Last week I discussed how businesses across the globe are overcoming geographical and cultural hurdles to ensure ongoing continuity through sophisticated new audio conferencing, video conferencing and online document sharing technologies have been developed for people that are constrained to meet face-to-face.
However, using conferencing technology comes with its own set of challenges, and there is a process that needs to be followed to make it work. Organisations need to start by exploring what forms of communication team members have available to them, what they actually need to do their work, how competent they are at using them, and if the teams have the appropriate technical support to effectively use the technology. Any gaps in knowledge or support need to be addressed by the company.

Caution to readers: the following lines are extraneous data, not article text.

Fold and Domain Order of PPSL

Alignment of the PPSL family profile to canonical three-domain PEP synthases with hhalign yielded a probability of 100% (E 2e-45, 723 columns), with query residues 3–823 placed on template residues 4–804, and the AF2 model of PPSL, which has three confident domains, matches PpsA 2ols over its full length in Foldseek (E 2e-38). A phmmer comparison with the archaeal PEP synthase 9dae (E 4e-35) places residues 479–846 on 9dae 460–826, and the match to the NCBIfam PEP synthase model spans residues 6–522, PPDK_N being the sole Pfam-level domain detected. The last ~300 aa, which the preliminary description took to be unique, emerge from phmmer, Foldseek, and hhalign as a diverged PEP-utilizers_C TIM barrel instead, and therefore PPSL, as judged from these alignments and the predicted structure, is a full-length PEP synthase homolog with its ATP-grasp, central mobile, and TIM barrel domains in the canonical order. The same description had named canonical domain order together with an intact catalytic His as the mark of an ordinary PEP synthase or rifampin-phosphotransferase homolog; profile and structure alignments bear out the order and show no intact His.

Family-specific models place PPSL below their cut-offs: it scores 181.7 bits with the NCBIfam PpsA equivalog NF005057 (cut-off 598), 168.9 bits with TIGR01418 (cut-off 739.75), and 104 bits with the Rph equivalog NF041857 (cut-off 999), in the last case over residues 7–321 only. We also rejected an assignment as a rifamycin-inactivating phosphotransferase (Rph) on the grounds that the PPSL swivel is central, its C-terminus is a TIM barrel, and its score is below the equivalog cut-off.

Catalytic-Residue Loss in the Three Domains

It’s important to remember that whilst advanced meeting technology is a great tool, you will need to have honed leadership skills to make the solution work in distributed teams.
Good leadership stands out when an organisation creates a shared sense of purpose, a place where colleagues appreciate the bigger picture and understand the goals of the organisation. It has an even bigger impact when employees know what they need to deliver and how this is contributing to the overall company aim.
What makes a good meeting? Ideally, an outcome of general consensus is all anyone asks for; but the steps of how to get there often vary by organisation, sector and company culture. One thing is certain; team meetings need to foster a shared decision making ethos, where everyone feels their opinions are equally important to their peers.
To contribute fully to the debate each meeting member must have a copy of the agenda and the necessary materials. It is good practice to put an information plan into place so that distributed teams receive information and pass it on promptly.